Estrogen signaling and prediction of endocrine therapy

Shin Ichi Hayashi, Yuri Yamaguchi

Research output: Contribution to journalArticlepeer-review

11 Citations (Scopus)

Abstract

Estrogen plays an important role in the growth and progression of human breast cancer. Understanding the whole picture of estrogen signaling is a very important goal towards clarifying the biology of this disease. On the other hand, hormonal therapy for breast cancer has been progressing rapidly with the advent of drugs such as selective estrogen receptor (ER) modulators and aromatase inhibitors. Prediction of individual response to these hormonal therapies is becoming important for the management of breast cancer patients. To help address these basic and clinical issues, we are developing several new tools such as the focused microarray and the green fluorescent protein-reporter cell system. We first carried out expression profiling of approximately 10,000 genes in ER-positive breast cancer cells. Based on the results, estrogen-responsive genes (ERG) were selected and a custom-made cDNA microarray consisting of 200 genes from a narrowed-down subset was produced. Using this microarray, we investigated various aspects of estrogen signaling such as the effect of estrogen-antagonists on ERG expression profile and functional analysis of ERβ and novel estrogen responsive gene EGR3. Furthermore, expression levels of several candidate genes selected from the custom-array contents were analyzed by real-time RT-PCR and immunohistochemistry using breast cancer tissues to determine novel predictive factors for responsiveness to hormone therapy in primary breast cancer patients. Expression of several genes, such as HDAC6, significantly correlated with disease-free and overall survival of patients treated with adjuvant tamoxifen therapy. We are currently developing a new tool for analyzing the effects of novel aromatase inhibitors in individual breast cancer patients using estrogen-responsive element-green fluorescent protein-indicator cells. We hope that these approaches may provide not only new clues for elucidation of estrogen-dependent growth mechanisms of cancer, but also clinical benefits to patients by assessment of individual responses to endocrine therapy.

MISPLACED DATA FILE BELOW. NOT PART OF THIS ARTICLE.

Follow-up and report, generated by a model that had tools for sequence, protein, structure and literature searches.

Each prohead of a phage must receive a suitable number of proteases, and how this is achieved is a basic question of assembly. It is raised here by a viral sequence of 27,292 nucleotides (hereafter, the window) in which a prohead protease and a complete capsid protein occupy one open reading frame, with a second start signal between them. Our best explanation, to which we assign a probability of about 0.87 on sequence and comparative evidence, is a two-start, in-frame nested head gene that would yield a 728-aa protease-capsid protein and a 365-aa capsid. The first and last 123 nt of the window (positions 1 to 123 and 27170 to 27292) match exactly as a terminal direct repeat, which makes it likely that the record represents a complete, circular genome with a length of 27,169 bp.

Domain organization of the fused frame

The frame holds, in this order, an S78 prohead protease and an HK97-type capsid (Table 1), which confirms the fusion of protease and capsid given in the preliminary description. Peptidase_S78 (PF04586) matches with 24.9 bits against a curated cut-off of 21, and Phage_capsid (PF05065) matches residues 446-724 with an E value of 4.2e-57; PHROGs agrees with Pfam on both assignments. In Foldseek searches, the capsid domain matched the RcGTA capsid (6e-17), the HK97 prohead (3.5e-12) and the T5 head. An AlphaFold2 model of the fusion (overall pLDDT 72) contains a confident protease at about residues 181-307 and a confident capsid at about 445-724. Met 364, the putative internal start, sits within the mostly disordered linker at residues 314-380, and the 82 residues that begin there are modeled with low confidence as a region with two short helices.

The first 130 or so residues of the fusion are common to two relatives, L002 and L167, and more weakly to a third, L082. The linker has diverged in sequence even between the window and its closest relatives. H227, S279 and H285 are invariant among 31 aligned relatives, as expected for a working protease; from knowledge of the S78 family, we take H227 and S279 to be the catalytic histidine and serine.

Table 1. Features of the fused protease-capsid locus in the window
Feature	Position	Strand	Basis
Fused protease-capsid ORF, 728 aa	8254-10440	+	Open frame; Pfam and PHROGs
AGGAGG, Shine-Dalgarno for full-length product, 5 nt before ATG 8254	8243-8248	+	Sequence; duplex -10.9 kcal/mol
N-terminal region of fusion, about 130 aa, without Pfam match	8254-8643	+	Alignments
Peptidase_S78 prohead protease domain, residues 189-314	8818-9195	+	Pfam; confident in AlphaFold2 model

Original languageEnglish
Pages (from-to)s27-s31
JournalCancer Chemotherapy and Pharmacology
Volume56
Issue numberSUPPL. 7
DOIs
Publication statusPublished - 2005 Nov

Keywords

  • Aromatase
  • Breast cancer
  • Endocrine therapy
  • Estrogen
  • Microarray

ASJC Scopus subject areas

  • Oncology
  • Toxicology
  • Pharmacology
  • Cancer Research
  • Pharmacology (medical)

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